The interweaving of stories of two generations made this fairly simple book much more interesting. This was a great weekend/beach read that could be put down when necessary but I really didn't want to do so.
Get ready to take a sentimental journey with two of the proud and fearless O'Banyon men as your escort's. But be sure to bring a few hankies for this trip=it's bound to bring a tear to your eye.
It's 1932 and young Peter O'Banyon's world changes forever when he looses his parents in a tragic car accident. Life begins again when Peter moves in with his Uncle Billie, a lighthouse keeper in Port Hope off Nantucket Sound. The boy has somuch to learn from his widowed uncle, who has experienced his own share of heartache. Years pass until World War II callos Peter away from the Lighthouse and his new wife to fight overseas. There he must draw upon Uncle Billie's wisdom to survive. But when he returns home and faces the ultimate loss, Peter will hae to call upon every lesson of the lighthouse keeper to guide him out of the darkness.
Really enjoyed this book.
Story of the human spirit & the power of love.
This book was a very good book. It deals with love and tragedies.Story of Peter O'Bannon's life after a car accident kills his parents. He goes to live with his uncle who is a Lighthouse keeper.
A moving and poignant story of the loves and tragedies in an Irish-American family.
As a child, Peter O'Banyon's life changed irrevocably when his family was killed in a car accident. He was sent to live with his Uncle Billie, the keeper of the Port Hope Lighthouse in Massachusetts. From Billie, he learns the secret of keeping love alive--even when tragedy strikes--and he discovers how Billie himself was put to the test as a young man.
World War II takes Peter away from the lighthouse and his beloved wife Anna, but he isn't prepared for the ravages of war and the brutality that can kill a man's soul. Peter is tested even further when he returns home and faces a tragedy that almost destroys him. Can he learn the lesson of the lighthouse keeper...and at the end of his life, can he pass that lesson on to his own daughter?
This was a very heartwarming tale and I really really enjoyed it.
A very good story chronicling the lives of the lighthouse keepers and their families.
There is a lot of romance, but also a lot of war, especially telling the stories of the relationships between men in a fighting unit that never would have existed in peace time and how those relationships affected their entire lives. Most of the book is set in WWII.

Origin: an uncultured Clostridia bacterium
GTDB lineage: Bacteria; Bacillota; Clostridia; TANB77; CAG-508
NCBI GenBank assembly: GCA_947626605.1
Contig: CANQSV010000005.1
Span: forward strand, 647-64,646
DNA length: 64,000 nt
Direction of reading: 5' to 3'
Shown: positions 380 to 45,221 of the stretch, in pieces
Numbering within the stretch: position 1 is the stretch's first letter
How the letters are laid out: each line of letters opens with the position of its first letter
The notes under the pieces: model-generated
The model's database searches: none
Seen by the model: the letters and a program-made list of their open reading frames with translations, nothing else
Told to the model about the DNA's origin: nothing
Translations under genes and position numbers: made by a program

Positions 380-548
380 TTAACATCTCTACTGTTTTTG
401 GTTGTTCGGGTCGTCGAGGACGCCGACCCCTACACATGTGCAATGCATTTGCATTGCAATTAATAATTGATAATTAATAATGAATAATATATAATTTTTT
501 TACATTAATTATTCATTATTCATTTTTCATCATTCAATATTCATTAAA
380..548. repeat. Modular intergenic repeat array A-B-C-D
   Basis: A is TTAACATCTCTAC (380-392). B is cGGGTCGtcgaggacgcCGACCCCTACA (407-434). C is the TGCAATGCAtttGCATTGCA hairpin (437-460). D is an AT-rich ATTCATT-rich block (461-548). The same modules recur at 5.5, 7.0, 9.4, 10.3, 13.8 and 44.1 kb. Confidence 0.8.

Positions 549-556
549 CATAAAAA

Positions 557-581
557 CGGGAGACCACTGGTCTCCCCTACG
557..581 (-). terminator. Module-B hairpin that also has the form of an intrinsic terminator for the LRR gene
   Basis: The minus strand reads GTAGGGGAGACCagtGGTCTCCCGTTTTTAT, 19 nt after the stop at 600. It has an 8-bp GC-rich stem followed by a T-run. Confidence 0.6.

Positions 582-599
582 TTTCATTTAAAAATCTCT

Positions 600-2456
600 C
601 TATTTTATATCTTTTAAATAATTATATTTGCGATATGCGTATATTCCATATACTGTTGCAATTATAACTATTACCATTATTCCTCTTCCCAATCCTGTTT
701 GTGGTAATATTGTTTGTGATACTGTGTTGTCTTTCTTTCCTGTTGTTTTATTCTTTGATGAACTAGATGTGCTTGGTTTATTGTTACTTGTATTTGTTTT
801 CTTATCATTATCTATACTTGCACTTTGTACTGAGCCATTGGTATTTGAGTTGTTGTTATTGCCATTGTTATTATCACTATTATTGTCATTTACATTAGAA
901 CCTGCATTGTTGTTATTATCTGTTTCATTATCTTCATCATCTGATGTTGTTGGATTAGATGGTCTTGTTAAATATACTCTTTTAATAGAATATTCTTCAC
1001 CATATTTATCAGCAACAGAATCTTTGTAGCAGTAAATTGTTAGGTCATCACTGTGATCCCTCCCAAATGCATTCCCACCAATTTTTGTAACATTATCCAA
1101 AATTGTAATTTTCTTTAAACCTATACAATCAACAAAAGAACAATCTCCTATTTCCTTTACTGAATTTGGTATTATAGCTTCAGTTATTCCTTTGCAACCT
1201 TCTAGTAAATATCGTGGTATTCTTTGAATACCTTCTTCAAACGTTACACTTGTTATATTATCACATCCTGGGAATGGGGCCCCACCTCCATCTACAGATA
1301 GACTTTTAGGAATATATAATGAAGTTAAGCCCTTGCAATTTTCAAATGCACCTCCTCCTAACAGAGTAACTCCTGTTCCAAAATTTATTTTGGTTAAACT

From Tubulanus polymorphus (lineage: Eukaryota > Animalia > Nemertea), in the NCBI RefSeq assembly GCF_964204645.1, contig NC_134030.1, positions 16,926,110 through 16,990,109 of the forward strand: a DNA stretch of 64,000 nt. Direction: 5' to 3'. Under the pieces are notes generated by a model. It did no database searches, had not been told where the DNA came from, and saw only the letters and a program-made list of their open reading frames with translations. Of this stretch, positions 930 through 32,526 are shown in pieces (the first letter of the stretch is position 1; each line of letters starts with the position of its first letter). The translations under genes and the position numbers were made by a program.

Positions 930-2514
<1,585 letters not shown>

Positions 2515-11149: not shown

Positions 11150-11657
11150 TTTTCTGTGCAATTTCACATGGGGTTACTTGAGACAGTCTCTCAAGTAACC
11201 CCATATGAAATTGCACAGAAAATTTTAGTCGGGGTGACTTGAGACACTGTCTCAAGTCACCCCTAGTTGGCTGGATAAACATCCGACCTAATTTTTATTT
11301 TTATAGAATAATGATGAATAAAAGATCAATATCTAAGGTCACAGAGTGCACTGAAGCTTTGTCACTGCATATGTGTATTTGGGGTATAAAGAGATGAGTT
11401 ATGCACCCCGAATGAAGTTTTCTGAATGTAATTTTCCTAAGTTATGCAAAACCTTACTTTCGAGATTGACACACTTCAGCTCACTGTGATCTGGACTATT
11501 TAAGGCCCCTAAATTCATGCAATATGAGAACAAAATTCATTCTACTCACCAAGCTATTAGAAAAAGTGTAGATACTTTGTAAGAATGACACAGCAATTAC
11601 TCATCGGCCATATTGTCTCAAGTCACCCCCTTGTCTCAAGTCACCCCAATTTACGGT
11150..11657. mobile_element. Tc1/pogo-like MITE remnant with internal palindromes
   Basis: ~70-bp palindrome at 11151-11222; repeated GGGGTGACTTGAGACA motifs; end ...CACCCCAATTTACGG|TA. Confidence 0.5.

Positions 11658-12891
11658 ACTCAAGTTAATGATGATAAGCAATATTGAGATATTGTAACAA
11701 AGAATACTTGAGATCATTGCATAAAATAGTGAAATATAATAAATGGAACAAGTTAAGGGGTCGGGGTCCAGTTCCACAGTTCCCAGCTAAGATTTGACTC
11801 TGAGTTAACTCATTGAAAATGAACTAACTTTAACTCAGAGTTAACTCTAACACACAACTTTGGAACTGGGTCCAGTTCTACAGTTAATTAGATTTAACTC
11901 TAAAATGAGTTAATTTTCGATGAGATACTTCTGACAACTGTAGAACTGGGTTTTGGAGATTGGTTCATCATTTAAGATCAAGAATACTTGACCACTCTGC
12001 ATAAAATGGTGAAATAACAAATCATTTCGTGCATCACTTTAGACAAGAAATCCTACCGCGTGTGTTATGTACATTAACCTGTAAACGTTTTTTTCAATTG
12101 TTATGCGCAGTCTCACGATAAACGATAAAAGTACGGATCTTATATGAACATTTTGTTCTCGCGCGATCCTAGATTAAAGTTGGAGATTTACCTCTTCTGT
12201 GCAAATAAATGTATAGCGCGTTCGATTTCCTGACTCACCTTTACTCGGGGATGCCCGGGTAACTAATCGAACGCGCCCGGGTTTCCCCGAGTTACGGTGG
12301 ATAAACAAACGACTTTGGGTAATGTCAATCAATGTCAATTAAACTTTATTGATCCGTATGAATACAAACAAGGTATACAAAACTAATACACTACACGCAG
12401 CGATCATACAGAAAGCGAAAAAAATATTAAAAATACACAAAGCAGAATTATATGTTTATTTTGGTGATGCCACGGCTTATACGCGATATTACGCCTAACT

Plenty of sad parts, but a wonderful, warm story.
Similar to Nicolas Sparks, a tear jerker.
Ten-year-old Peter O'Banyon's life changes forever when his family dies in an accident. Orphaned, he goes to live with his garrulous Uncle Billie, the keeper of the Port Hope Island Lighthouse in Massachusetts. There, as the beacon leads sailors safely home, Peter learns an astonishing truth about Billie's past - and the power of love. This message guides Peter's life, even when World War II's brutality rocks his faith, even when he returns to his young bride and an unimaginable tragedy. Now, in the final days of his own life, Peter needs to pass on the lighthouse keeper's secrets to his own daughter, but to do it may take nothing less than a miracle.... (from back cover)
This was a very enjoyable book with some discrepancies. For instance, in 1949, Kathleen would have been 6 years old, not 4. And, at first, it says that Uncle Billie told Anna about his wife and children. Then, later, it says that Peter wrote her about it in a letter. And, it says that Alexander was Billie's firstborn son, when he actually was the second born son and third born child.
It wasn't very clear what happened to Billie's property in Ireland. Did he hire people to care for it? No one in the family ever went back to it.
I wasn't sure why the author would make Uncle Billie, a man in his fifties, out to be an old man.
I didn't care for the interactions with General Patton. I've never liked it when an author has a real person interacting with fictional characters, giving the real person actions and words that never happened.
But, other than those few things, this is a very good book. It is the story of much heartache, but valiantly overcoming grief and finding a greater purpose.
Are you a lighthouse nut like myself - you may enjoy this.
A really good book. Well worth reading